Salahuddin Amin v Director General of MI5, Chief of MI6, the FCO, the Home Office and the Attorney General-  EWHC 1579 (QB) – read judgment
Do not be misled by the impressive cast list of defendants in this case. It means simply that the claimant was attempting to attack the integrity of his criminal conviction via the civil courts.
He framed his case against the defendants principally in vicarious liability for the alleged torts of individual SS or SIS officers committed in the performance of their duties, when he was arrested and detained in Pakistan and the UK. In a short judgment, Irwin J set out his reasons for allowing the Particulars of Claim to be struck out as an abuse of the process of court.
The somewhat complicated procedural history of this case can be briefly summarised. In 2008 the claimant was convicted of conspiracy to cause explosions likely to endanger life. His appeal failed. In 2009 he commenced these proceedings, claiming that the mistreatment he received at the hands of the Pakistani authorities and whilst in detention in the UK had rendered the evidence so unreliable that it should not have been admitted at the original trial.
The claimant maintained that the defendants were vicariously liable for their officers’ false imprisonment, assault and battery, misfeasance in public office and negligence. He also argued for liability under ss. 6 and 7 of the Human Rights Act 1998 for violation of his rights under Articles 3 and 5 of the European Convention on Human Rights. It was further claimed that the liability of each defendant arose “by way of complicity in the treatment of the claimants by agents of the Pakistan Government while he was in their custody”. The claimants alleged that the defendants “procured and requested the Pakistani authorities” to detain the claimant. It was further said that the relevant officers were complicit in the interrogation process because they provided information and suggested questions to the Pakistani agents, participating in some of the interviews of the claimant while in Pakistani custody. They emphasised the fundamental nature of the allegation of complicity to the case and alleged a motivation for this conduct:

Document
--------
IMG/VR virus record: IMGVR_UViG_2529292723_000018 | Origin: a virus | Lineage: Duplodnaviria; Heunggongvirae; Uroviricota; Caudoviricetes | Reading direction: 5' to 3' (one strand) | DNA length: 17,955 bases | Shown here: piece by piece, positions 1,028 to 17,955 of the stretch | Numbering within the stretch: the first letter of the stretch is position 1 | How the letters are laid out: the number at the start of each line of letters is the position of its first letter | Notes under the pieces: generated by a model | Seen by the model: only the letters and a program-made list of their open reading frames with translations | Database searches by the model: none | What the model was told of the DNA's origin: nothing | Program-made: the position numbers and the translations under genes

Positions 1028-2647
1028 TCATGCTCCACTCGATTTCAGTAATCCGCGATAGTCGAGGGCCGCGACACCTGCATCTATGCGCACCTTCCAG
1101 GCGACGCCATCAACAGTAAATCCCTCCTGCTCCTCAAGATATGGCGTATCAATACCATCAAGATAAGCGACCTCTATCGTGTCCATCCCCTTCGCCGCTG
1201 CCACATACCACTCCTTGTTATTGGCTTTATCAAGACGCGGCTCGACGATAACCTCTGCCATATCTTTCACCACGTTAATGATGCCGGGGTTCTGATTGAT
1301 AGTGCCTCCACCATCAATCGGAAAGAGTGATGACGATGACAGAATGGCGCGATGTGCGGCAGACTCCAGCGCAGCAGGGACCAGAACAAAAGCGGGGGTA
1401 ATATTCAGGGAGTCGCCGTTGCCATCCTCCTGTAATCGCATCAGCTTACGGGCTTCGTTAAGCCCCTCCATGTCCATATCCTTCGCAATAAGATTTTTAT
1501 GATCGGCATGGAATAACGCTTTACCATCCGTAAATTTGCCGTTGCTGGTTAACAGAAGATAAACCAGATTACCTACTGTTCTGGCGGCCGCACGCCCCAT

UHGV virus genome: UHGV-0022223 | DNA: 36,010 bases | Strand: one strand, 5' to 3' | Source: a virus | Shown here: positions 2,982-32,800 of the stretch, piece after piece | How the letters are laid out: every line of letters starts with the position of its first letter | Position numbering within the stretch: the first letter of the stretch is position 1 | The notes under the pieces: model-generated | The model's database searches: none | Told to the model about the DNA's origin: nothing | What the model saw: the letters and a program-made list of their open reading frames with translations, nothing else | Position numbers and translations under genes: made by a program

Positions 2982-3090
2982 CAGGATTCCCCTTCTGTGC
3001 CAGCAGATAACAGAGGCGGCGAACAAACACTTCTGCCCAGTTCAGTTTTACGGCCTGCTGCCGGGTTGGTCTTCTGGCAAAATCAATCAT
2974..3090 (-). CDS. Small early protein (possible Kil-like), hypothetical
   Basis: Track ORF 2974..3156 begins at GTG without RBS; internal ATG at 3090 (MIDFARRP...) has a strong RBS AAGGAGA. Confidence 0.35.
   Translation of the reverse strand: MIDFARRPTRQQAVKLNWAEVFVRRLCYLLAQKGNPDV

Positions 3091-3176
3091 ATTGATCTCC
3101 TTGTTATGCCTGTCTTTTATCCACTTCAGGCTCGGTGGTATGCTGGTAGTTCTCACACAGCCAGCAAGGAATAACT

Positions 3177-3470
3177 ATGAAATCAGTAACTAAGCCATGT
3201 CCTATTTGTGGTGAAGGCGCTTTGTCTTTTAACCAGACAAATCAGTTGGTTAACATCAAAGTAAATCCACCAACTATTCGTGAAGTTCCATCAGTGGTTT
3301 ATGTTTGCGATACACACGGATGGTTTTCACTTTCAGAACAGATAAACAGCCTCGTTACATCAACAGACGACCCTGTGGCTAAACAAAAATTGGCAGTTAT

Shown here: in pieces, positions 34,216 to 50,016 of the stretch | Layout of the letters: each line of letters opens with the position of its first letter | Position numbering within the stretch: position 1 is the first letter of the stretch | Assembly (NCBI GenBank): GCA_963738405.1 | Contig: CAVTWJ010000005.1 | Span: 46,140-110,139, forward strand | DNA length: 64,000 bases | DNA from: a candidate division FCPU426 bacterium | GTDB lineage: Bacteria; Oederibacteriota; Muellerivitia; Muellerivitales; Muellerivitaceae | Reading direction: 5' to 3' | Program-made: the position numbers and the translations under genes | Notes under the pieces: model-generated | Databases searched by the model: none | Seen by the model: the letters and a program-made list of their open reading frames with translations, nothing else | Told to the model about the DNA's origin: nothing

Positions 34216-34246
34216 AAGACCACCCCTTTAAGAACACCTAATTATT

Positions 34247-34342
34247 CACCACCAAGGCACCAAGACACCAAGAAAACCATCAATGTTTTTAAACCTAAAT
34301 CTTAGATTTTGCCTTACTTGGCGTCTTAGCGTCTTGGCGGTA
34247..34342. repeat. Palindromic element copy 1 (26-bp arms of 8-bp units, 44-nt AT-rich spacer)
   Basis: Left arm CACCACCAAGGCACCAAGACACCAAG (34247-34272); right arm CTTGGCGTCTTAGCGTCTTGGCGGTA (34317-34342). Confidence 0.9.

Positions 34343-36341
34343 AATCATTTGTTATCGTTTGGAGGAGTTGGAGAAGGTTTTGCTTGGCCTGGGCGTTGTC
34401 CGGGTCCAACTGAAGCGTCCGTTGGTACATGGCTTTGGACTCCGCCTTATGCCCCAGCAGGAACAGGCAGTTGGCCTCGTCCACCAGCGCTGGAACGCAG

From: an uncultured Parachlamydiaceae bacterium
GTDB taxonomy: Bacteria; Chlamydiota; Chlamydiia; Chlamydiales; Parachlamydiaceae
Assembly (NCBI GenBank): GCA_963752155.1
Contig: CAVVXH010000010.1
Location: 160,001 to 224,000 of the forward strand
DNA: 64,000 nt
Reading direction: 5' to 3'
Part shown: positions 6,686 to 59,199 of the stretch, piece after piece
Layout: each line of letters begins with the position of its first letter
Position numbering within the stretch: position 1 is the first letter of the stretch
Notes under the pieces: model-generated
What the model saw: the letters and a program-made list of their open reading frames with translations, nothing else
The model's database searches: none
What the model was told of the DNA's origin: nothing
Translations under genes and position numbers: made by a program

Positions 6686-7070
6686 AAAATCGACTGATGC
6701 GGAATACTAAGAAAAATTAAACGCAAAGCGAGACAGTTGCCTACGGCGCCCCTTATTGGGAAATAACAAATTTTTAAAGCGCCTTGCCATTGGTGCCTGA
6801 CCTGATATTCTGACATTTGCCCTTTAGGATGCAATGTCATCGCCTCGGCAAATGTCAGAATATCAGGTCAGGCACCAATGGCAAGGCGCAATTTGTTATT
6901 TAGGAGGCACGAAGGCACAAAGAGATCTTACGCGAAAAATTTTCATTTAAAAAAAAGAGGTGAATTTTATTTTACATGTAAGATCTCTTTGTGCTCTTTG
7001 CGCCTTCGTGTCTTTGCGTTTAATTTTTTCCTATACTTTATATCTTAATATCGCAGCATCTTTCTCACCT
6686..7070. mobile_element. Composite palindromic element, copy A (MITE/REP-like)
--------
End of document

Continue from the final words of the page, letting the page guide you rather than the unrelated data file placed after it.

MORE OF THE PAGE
In relation to each and every act of complicity set out above, the said officers made a specific calculation that they were prepared to act without regard to legality, in order to gain benefit from the product thereof, by way of information or the presence of the claimant in the UK
In both the language and the logic which informed and structured the claim, the whole thing hinged on the allegation of complicity between British officers and Pakistani officers. As Irwin J observes, without that complicity, the various torts or breaches of duty could not be established.
The defendants for their part sought to strike out the statement of case pursuant to CPR Part 3.4(2) (b) on the basis that the statement of case was an abuse of the Court’s process. The central plank of the attack was that the claim represents a collateral attack on a final decision adverse to the claimant, made by a court of competent jurisdiction in the criminal proceedings against him, in breach of the rule against collateral attack established in Hunter v Chief Constable of the West Midlands Police .
The judge agreed. The allegations made by the claimant in these proceedings were, for all purposes, identical to those advanced before the judge. It seemed to Irwin J to be “quite unrealistic to suggest that the claim does not involve an attempt to displace that part of the judge’s conclusions.”
The trial judge had heard all the relevant evidence on complicity, and expressed himself on the issue in terms which left “no room for doubt”. Nor was this a case of the UK’s failure to investigate allegations of conduct in breach of Article 3. The claimant had been able to raise his concerns and make his case on the relevant allegations, in the course of the criminal proceedings. The UK authorities had not been silent in the face of the allegations, but met them in evidence. There had been no allegation that the UK failed in its obligations to investigate the claimant’s allegations. The court could and did investigate the claimant’s allegations fully.
Nor did it arise from the Strasbourg Court’s decision in El-Masri v Macedonia, App 396330/09, that the obligation to investigate extends to a guarantee of a second attempt to establish such a case, where it has once been rejected by a court of competent jurisdiction, in the absence of significant fresh evidence, calling for a re-examination. The essence of the civil case which the claimant sought to bring was the very same complicity with mistreatment which he said should have led to the criminal trial being stopped.
In my judgment, it would be astonishing if, through the vehicle of a civil claim, an effective collateral challenge could be mounted to the reasoned rejection of this type of defence, particularly when that rejection has been confirmed in the Court of Appeal.
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